UKRAINE AND AFGHAN MIGRANT UPDATES:  The President shared his $33 billion request for more security and economic assistance for Ukraine, including the “Uniting for Ukraine” initiative. Notably, the request also includes an Afghan Adjustment Act. Attention now turns to Congress for passage.

As of April, there were over 7.7 million displaced people in Ukraine. The “Uniting for Ukraine” initiative seeks to streamline the process for Ukrainians abroad to come to the United States via a specialized parole program that lasts up to two years (more information on the Department of Homeland Security website). Ukrainians should seek information first before making travel arrangements.

Additionally, the next few weeks are especially critical for advocates to make their voices heard to pass an Afghan Adjustment Act. Use the ELCA Action Center to add your voice through a customizable Action Alert.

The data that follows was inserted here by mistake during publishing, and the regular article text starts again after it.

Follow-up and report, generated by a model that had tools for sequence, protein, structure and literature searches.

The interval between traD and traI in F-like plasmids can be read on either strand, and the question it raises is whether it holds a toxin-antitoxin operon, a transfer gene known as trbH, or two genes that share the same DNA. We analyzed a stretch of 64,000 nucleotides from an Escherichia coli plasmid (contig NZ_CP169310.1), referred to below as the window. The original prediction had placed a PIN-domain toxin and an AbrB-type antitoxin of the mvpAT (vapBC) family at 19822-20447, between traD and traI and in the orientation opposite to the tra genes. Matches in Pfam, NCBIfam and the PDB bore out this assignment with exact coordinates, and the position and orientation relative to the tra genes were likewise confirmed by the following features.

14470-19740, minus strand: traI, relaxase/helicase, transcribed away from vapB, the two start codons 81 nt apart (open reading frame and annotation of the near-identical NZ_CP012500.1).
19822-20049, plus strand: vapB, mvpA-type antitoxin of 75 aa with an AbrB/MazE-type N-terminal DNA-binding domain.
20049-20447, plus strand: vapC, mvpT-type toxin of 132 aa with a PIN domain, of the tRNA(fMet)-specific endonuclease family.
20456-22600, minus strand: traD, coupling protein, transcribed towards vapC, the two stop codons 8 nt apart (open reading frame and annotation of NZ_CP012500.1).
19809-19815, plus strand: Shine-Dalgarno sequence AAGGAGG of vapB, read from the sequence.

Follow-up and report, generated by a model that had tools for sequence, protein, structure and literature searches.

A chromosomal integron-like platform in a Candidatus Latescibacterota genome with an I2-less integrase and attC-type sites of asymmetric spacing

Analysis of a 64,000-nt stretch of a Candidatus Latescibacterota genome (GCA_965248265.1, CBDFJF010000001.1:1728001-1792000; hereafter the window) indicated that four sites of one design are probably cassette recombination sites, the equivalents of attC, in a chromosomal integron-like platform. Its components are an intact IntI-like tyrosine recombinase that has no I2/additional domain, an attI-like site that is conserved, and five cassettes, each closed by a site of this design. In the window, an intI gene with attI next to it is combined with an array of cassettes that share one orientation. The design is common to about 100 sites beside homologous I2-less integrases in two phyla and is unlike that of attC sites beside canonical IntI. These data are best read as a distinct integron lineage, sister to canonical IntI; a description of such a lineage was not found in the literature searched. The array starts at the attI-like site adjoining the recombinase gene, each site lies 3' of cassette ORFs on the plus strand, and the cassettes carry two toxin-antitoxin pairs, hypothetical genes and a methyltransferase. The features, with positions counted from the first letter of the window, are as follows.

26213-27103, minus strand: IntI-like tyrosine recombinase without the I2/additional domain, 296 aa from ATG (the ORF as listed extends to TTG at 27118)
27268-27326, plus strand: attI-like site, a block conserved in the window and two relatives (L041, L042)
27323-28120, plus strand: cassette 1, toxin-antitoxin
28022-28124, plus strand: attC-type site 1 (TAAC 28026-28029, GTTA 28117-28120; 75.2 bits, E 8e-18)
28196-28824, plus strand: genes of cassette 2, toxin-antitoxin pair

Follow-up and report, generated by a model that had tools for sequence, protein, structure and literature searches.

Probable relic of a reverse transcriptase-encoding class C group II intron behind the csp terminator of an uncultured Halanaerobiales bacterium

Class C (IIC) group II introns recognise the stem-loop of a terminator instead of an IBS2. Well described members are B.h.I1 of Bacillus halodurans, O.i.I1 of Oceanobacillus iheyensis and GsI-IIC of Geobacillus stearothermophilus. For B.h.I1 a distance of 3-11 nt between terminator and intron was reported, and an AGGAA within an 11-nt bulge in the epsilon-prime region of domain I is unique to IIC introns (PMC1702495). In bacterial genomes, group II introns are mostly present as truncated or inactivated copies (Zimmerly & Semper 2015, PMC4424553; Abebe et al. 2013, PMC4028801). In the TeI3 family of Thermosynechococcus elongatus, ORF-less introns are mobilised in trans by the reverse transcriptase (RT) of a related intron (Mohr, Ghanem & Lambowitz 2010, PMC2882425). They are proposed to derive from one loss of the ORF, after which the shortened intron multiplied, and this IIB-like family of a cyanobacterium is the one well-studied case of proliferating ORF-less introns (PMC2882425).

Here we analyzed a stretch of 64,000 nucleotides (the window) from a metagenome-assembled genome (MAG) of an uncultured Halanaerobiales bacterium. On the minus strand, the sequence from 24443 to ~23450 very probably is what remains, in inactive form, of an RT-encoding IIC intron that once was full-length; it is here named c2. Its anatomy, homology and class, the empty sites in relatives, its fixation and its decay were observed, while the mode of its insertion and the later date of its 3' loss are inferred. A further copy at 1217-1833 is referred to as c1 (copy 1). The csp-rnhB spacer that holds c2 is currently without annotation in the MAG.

Of additional migration impact, a federal judge has granted a preliminary injunction to block the Biden administration from ending the mass expulsions of migrants under the Title 42 pandemic-era rule. “Migrants, advocates in the faith community and public health experts have exhaustively argued that restoring asylum and protecting public health can be done together,” writes Giovana Oaxaca, ELCA program director for migration in an ELCA Advocacy Blog post on Title 42. Our advocacy continues to pursue fair safe, and humane asylum policy in the United States.